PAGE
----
Elon Musk challenges Vladimir Putin to ‘single combat’ against Ukraine
Western nations have sought to punish Russia for invading Ukraine by imposing economic and financial sanctions and excluding certain Russian banks from the ubiquitous SWIFT messaging system, known as the World Bank’s Gmail.
It raised questions about whether China – which before the war signaled it wanted closer ties with Russia – could offer its neighbor a financial lifeline.
In particular, many have focused on what a Chinese payment system, known as CIPS, could do. The answer seems to be not much, so far.
What is CIPS?
The cross-border interbank payment system was set up in October 2015 as a payment settlement and clearing system for transactions using the yuan. The system is supervised by the Chinese central bank but is managed by CIPS in Shanghai. Ownership is divided among dozens of shareholders, including state-owned Chinese financial institutions, stock exchanges and Western banks.
Its usage has steadily increased, with an average daily transaction value of 388.8 billion yuan ($85 billion) in February, an increase of around 50% from a year ago. according to company data.
Is it a SWIFT rival?
They are not direct competitors. SWIFT is a messaging system for global banks to communicate, but CIPS is primarily a settlement system for renminbi transactions that also provides some communication functions.
Most banks that use CIPS still communicate via SWIFT, either out of habit or because they haven’t installed the CIPS-specific messaging tool, or both, according to the Cross-Border Finance Research Institution, a consultancy consultancy based in Shanghai. Last year, the People’s Bank of China actually formed a joint venture with SWIFT to offer local network services and store message information in China.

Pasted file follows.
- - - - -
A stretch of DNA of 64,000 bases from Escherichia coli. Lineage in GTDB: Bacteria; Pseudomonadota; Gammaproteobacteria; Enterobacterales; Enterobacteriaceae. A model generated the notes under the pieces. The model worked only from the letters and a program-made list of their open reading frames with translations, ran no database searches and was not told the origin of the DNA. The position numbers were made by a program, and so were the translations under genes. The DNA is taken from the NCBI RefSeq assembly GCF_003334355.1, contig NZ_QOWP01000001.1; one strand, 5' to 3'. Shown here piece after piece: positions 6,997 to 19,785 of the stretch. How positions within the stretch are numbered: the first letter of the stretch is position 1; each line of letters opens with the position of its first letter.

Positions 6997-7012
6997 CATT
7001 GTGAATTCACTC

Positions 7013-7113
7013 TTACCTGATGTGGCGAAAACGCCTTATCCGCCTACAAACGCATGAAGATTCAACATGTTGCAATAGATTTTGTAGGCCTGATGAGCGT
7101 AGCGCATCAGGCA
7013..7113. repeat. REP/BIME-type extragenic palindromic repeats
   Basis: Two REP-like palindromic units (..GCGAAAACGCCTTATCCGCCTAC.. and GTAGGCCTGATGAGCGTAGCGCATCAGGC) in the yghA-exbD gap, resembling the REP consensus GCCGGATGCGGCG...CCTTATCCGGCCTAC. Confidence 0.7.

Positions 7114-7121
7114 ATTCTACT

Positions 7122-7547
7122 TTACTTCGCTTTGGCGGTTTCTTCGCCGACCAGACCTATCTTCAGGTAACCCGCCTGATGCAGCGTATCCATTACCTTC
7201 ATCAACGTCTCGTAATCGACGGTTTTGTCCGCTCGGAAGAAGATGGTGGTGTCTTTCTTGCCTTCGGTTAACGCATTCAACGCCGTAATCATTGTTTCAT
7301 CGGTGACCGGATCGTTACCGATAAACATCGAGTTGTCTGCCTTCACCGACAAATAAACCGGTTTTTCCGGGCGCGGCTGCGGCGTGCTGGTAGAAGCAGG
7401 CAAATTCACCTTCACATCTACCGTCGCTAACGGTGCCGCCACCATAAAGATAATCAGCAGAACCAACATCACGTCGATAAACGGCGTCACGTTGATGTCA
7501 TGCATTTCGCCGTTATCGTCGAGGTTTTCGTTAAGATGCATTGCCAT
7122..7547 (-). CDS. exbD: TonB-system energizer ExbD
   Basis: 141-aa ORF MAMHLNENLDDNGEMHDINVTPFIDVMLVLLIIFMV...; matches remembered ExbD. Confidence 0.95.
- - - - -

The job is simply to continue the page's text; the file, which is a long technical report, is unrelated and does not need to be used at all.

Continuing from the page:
By size, CIPS is tiny compared to SWIFT, which has over 11,000 members and handles over 42 million transactions per day. In February, CIPS had about 1,300 participants, mostly in China, and was processing about 13,000 transactions per day.
And the CHIPS?
That might be a better comparison, although he handles a lot more money. CHIPS, or Clearing House Interbank Payments System, is the largest private US dollar clearing system, according to its website. It handles approximately $1.8 trillion in payments per day, nearly 30 times the daily value of transactions for CIPS.
Could CIPS be used to circumvent Western sanctions?
This would only work if transactions are in yuan – probably only when Russia and China settle direct exchanges – and both parties were members of CIPS.
These payments remain low: they increased to about 6% of transactions in 2020, from 2% in 2013. In reality, even as both countries sought to move away from using the dollar in trade, this meant largely switch to the euro – which is also now sanctioned. And there are other problems:
It is unclear to what extent non-Chinese importers or exporters doing business with Russia would be willing to accept payment in yuan. For CIPS to help Russia circumvent the US financial system, Russia would need to be part of a yuan-centric financial system. This seems unlikely given China’s capital controls on its currency, which restrict the flow of funds in and out of the country.
Are there other ways China could help Russia?
Some Russian lenders plan to start using China’s UnionPay system for credit cards after Visa and Mastercard suspended operations in Russia. This could allow Russians to make certain payments abroad, with UnionPay operating in 180 countries and regions.
Other potential leads include: About 13% of Russia’s reserves, or about $77 billion, were in Chinese assets in June 2021, according to the most recent figures from the Bank of Russia. Selling these assets would give Russia much-needed cash.
China’s central bank has a multi-billion dollar currency swap with Russia’s central bank, potentially allowing both countries to provide liquidity to businesses so they can continue to trade.
Small Chinese banks that do not have international operations could also continue to do business with Russia; they would have less to lose if they were hit with secondary sanctions from Western nations.
A research note from Natixis noted that China’s nascent digital yuan is unlikely to be of much use because it “does not yet offer cross-border transactions of any relevance, and Russia does not is not yet committed” to using it.